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Strongyloides stercoralis in transplant patients

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Strongyloides stercoralis in transplant patients. Alisa Alker. Life cycle. Geographic distribution. Over 50 million people are infected worldwide It endemic in Africa, parts of Asia, South America, Mexico, and the Southern US

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Presentation Transcript
geographic distribution
Geographic distribution
  • Over 50 million people are infected worldwide
  • It endemic in Africa, parts of Asia, South America, Mexico, and the Southern US
  • National survey of 216,275 stool samples in 1987 found the prevalence of S. stercoralis to be 0.4% (CDC, 1991)
clinical manifestations
Clinical manifestations
  • diarrhea, abdominal pain, nausea, and vomiting
  • dry cough, dyspnea, transient pulmonary infiltrate, throat irritation, wheezing
  • Loffler syndrome (eosinophilic pneumonia)
  • fluctuating eosinophilia
  • rash (larva currens)
  • asymptomatic
severe manifestations
Severe manifestations
  • Almost always found in immunocompromized hosts (associated with steroid use, HTLV, lymphoma, not HIV)
  • Hyperinfection and dissemination, leading to ileus, obstruction, GIB, pneumonitis, meningitis, peritonitis, UTI
  • the larvae bring with them bowel flora, leading to bacteremia, bacterial pneumonia, bacterial meningitis, etc
  • mortality is ~50% with treatment
transplant patients
Transplant patients
  • S. stercoralis has been reported in kidney (n=54), liver (n=3), lung (n=1), heart (n=3) and stem cell (n=7) transplant patients
  • More common for transplant patients to have hyperinfection, though more mild presentations have been reported
  • 0.7% of the renal transplant recipients between 1971-1984 at Vanderbilt had strongloidiasis (Morgan 1986)
transplant patients1
Transplant patients
  • Strongloidiasis can be transmitted by solid organs and it has been documented in people who have not left the US
  • presentation more likely after transplantation or after treatment of acute rejection
    • associated with steroid use
    • cyclosporine may be protective
  • mortality rate in kidney transplant patients: 49% (Roxby 2009)
diagnosis
Diagnosis

Roxby 2009

treatment
Treatment
  • ivermectin 200 ug/kg once daily for 2-3 days
  • thiabendazole 25 mg/kg twice daily for 3 days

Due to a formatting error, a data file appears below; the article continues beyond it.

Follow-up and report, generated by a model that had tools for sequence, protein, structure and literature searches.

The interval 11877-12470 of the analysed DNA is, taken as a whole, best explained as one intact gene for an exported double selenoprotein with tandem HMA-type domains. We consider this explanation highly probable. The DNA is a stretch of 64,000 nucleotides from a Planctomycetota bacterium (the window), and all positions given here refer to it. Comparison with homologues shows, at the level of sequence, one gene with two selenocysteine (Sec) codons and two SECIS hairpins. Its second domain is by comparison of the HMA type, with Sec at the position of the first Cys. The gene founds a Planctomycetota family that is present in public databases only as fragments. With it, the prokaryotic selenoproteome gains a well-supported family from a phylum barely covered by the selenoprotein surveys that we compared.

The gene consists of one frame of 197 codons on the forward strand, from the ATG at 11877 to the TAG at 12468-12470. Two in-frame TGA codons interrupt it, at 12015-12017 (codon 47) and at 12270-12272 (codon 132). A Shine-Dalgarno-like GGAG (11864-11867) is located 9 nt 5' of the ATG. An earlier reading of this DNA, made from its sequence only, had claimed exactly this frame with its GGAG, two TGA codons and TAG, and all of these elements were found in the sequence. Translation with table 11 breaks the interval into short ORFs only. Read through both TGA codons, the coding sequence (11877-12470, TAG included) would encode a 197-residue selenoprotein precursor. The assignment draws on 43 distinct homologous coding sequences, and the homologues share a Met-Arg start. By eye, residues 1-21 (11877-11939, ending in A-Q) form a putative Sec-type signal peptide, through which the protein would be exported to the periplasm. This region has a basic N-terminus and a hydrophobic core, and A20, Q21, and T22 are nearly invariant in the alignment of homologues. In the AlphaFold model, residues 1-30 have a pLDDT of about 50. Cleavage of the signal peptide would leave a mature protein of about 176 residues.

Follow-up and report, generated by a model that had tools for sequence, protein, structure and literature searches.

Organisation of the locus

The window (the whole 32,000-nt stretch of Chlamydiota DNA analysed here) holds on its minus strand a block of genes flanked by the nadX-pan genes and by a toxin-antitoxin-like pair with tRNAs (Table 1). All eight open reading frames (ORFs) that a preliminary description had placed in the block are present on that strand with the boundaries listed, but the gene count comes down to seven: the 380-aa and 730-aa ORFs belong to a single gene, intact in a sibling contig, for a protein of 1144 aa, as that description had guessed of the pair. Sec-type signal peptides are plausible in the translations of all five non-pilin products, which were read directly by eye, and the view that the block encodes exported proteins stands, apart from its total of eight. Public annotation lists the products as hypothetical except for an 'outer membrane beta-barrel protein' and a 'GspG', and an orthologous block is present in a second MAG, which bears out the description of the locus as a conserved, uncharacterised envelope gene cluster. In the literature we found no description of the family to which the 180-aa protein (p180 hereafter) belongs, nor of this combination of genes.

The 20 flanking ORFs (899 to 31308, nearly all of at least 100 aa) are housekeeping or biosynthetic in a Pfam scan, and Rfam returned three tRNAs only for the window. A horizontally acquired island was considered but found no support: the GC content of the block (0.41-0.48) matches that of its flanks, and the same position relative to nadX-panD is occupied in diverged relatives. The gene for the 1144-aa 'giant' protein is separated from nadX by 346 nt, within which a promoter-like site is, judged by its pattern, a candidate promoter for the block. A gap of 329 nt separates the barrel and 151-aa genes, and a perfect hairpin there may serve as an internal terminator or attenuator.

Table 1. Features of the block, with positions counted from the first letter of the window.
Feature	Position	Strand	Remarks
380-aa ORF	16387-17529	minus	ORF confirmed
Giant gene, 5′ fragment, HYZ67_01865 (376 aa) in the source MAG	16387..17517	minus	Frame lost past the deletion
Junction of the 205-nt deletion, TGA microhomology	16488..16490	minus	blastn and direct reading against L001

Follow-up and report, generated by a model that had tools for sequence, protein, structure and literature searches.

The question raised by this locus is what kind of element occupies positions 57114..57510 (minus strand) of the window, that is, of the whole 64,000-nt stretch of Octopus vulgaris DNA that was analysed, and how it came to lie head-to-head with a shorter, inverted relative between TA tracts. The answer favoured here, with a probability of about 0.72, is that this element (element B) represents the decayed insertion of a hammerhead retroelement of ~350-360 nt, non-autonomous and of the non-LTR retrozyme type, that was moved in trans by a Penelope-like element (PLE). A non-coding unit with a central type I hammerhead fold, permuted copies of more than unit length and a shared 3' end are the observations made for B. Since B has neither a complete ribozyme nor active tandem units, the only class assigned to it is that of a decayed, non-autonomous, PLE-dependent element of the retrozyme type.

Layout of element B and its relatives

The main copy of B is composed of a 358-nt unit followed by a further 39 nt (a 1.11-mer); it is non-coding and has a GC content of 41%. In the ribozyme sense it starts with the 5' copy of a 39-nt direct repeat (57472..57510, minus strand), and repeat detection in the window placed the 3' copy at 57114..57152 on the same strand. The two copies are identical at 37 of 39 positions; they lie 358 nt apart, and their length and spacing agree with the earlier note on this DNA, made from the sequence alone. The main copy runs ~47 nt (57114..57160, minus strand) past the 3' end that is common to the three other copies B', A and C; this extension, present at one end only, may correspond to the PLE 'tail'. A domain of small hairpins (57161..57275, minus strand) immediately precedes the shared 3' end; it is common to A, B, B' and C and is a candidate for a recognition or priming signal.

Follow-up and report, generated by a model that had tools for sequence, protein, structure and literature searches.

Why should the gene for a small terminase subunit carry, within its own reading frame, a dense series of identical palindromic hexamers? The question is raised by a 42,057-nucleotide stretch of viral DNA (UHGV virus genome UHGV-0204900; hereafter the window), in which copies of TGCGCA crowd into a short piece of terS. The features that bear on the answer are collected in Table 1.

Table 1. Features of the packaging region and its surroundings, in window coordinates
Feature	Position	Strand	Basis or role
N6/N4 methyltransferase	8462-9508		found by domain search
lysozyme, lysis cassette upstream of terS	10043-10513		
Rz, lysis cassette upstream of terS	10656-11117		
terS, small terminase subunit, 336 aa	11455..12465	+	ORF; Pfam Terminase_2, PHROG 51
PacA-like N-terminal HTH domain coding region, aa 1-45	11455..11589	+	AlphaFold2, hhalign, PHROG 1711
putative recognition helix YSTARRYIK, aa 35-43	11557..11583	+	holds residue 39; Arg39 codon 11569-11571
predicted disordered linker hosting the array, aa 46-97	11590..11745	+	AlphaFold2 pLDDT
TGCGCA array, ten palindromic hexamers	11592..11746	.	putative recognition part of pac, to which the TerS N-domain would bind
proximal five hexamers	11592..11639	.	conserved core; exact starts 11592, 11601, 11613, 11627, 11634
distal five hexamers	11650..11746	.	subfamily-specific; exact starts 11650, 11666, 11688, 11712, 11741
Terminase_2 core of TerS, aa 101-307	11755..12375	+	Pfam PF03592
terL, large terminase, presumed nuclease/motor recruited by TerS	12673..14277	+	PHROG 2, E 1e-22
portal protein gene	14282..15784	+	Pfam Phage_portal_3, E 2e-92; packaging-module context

• more effective in killing the adult worms than the migrating larvae
prevention
Prevention
  • wearing shoes
  • improved sanitation
  • screening prior to transplantation?
references
References

1. Neva FA. Biology and immunology of human strongyloidiasis. J. Infect. Dis. 1986 Mar ;153(3):397-406.

2. Siddiqui AA, Berk SL. Diagnosis of Strongyloides stercoralis infection. Clin. Infect. Dis. 2001 Oct 1;33(7):1040-1047.

3. Segarra-Newnham M. Manifestations, diagnosis, and treatment of Strongyloides stercoralis infection. Ann Pharmacother. 2007 Dec ;41(12):1992-2001.

4. DeVault GA, King JW, Rohr MS, Landreneau MD, Brown ST, McDonald JC. Opportunistic infections with Strongyloides stercoralis in renal transplantation. Rev. Infect. Dis. 1990 Aug ;12(4):653-671.

5. Morgan JS, Schaffner W, Stone WJ. Opportunistic strongyloidiasis in renal transplant recipients. Transplantation. 1986 Nov ;42(5):518-524.

6. Marty FM. Strongyloides hyperinfection syndrome and transplantation: a preventable, frequently fatal infection. Transpl Infect Dis. 2009 Apr ;11(2):97-99.

7. Vilela EG, Clemente WT, Mira RRL, Torres HOG, Veloso LF, Fonseca LP, et al. Strongyloides stercoralis hyperinfection syndrome after liver transplantation: case report and literature review. Transpl Infect Dis. 2009 Apr ;11(2):132-136.

8. Roxby AC, Gottlieb GS, Limaye AP. Strongyloidiasis in transplant patients. Clin. Infect. Dis. 2009 Nov 1;49(9):1411-1423.

9. Mandell G, Bennett J, Dolin R. Principles and Practice of Infectious Diseases. 6th ed. Philadelphia, PA: Elsevier;

10. Center for Disease Control and Prevention. CDC surveillance summaries. MMWR. 1991 ;40(SS):

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